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Working holiday visas granted to increasing number of back-packers

WORK-hungry backpackers are flocking Down Under to work in record numbers, and competing for jobs with local school-leavers.

The Immigration Department (DIAC) issued a record 249,231 backpacker visas during 2012/13, latest official data shows.

Three times as many young backpackers from China, Italy and Taiwan were granted visas during 2012/13 than at the start of the global financial crisis in 2008/09.

Backpacker numbers have jumped 52 per cent from France, 29 per cent from Germany and 15 per cent from the UK.

The visas are popular with employers in regional areas, who rely on foreign backpackers to pick fruit, work on farms, clean hotels, pour beers and wait tables.

But a university study claims the working holiday-makers, aged 18 to 30, are taking entry-level jobs that could go to Australian school leavers.

The Centre for Population and Urban Research at Monash University has found that Australia now has one foreign backpacker for every Year 12 school leaver, all competing for entry-level jobs in retailing, construction and hospitality.

“(Backpackers) coming from these countries are not the traditional holiday and work seekers, but rather job-hungry migrants anxious to maximise their income from work here,” the report says.

“In effect, the Australian economy is acting as a safety valve for the youth unemployment problems of other countries, at the expense of its own young people’s employment prospects.”

Australia now hosts nearly half a million working-age migrants who have arrived since 2011 on permanent or temporary visas.

“Recently arrived migrants …. are dominating the growth in the number of employed persons in Australia,” the report says.

“Young people have to compete for less skilled entry-level work with an increasing number of job-hungry temporary migrants looking for the same work.”

The report says the number of recently-arrived migrants of working age jumped by 168,700 during the 12 months to May this year – and 108,200 were working.

New migrants accounted for 85 per cent of the 126,900 total increase in the number of workers in Australia during the year.

“This means that almost all of the recent net growth in employment is attributable to recently-arrived migrants,” the report says.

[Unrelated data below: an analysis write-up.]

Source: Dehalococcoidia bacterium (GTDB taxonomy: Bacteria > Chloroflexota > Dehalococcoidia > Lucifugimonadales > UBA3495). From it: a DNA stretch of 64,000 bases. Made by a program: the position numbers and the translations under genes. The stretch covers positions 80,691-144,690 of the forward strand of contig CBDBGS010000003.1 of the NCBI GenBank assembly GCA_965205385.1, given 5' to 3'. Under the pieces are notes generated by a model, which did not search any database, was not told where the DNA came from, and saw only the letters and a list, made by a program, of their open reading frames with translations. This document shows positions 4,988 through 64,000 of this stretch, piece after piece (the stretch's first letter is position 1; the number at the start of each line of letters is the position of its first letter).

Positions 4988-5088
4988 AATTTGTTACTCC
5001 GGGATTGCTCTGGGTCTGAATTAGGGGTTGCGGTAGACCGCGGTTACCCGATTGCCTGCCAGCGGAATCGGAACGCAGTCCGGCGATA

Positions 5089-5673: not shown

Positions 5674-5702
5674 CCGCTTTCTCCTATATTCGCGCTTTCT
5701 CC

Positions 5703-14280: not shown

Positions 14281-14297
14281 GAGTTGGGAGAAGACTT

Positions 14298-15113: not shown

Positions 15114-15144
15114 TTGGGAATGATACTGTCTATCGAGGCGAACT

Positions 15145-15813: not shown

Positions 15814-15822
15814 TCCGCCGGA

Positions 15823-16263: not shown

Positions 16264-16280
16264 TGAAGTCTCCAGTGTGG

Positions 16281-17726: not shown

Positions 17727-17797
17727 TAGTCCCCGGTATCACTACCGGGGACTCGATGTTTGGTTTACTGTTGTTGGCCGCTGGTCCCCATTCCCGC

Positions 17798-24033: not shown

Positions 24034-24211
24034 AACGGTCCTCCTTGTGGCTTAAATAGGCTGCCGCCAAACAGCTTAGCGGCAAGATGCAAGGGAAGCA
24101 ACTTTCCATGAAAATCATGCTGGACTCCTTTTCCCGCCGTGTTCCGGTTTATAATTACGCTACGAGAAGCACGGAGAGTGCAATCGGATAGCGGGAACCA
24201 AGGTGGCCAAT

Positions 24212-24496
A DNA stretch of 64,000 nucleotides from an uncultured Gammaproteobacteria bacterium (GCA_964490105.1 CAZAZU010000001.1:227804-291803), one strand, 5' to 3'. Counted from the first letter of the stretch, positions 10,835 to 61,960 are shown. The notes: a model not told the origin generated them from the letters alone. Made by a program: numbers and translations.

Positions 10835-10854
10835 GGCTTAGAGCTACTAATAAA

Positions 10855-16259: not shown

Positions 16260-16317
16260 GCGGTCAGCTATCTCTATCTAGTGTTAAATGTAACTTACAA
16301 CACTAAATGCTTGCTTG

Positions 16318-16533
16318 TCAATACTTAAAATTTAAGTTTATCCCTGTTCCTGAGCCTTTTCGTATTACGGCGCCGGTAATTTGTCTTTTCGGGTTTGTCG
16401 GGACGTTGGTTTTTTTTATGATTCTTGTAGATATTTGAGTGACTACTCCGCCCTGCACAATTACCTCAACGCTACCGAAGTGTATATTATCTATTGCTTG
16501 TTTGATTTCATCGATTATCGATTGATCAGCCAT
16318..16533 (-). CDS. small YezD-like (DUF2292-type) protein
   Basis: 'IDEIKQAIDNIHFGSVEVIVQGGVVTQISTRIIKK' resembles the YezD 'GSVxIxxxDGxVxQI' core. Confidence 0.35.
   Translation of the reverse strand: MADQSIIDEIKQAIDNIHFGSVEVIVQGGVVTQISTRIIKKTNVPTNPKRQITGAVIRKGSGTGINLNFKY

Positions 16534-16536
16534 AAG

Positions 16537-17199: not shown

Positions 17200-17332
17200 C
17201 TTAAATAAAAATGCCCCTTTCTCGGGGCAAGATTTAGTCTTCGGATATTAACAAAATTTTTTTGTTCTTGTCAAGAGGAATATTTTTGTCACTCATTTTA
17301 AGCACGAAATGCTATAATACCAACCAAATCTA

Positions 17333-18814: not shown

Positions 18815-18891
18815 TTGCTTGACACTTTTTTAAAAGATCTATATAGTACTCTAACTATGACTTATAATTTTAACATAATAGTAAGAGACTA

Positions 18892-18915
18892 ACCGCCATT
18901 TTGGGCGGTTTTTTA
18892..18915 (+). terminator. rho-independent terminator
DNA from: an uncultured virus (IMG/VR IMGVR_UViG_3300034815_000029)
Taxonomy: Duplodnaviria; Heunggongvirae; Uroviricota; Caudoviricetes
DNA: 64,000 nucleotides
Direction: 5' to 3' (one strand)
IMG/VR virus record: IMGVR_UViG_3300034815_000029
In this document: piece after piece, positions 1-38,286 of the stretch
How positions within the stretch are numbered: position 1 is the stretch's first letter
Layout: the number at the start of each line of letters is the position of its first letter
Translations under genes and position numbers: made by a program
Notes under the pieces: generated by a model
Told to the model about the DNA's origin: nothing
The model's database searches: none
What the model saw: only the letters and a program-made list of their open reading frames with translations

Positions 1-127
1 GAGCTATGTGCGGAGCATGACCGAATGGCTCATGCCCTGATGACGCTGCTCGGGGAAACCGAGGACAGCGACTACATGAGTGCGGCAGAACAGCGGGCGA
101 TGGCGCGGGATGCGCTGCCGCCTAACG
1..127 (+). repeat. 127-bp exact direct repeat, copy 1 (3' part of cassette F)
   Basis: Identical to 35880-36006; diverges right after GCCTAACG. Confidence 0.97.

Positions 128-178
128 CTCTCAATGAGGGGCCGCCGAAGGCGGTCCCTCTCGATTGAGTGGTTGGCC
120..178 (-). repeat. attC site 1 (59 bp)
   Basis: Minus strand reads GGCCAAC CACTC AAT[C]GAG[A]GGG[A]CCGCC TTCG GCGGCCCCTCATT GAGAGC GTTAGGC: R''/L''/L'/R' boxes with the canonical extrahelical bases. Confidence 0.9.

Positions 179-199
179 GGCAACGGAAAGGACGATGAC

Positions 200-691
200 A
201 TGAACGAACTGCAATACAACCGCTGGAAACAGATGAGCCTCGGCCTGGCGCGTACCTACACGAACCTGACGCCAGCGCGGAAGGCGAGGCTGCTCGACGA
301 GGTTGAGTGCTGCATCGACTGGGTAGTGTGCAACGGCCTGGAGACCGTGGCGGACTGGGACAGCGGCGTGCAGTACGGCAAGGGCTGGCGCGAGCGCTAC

The report says 14.5 per cent of 15-to-19-year-old jobseekers, and 9.4 per cent of those aged 20-24 were unemployed in May, compared to 5.6 per cent in the general population.

Backpackers from 29 nations can work in Australia for up to a year, so long as they do not spend more than six months with each employer.

Those who spend at least three months working in a remote area can apply to stay for a second year.

Australian backpackers can also work overseas in the same countries, under reciprocal agreements.

Argentina and Uruguay were added to the working holiday program this year, and the federal government is negotiating with 13 more countries including Greece, Spain, Mexico, the Czech Republic, Portugal, Israel and Vietnam.

Courtesy of  News Limited NetworkNatasha Bita – National Social Editor

Administrators note:

This report is a little worrying and highlights the need for balance in the migration program. It also shows the incredible complexity of achieving that balance. Whilst back packers provide great labour resources for our regional producers, not all go onto the land, with the bulk staying in the cities and potentially impacting the level of entry level school leavers looking for first time employment. This  may in turn  have long term effects from a future employment point of view.

Whilst many of the back-packers will return to their home countries, many local candidates for these jobs will have been overlooked in favour of older or more experienced overseas candidates, and will find it more difficult to secure suitable employment – not even accounting for increasing visa numbers. It may however mean that local job-seekers may have to become more competitive and prepared to travel outside their comfort zone and not expect jobs where they live.

This will be an interesting scenario and I see that while there appears no political agenda, there perhaps should be because the 457 visa vs local workers position is theoretically the same for school leavers, although the lack of skills and experience  makes it harder to argue that locals should get entry level jobs before visitors or foreign workers.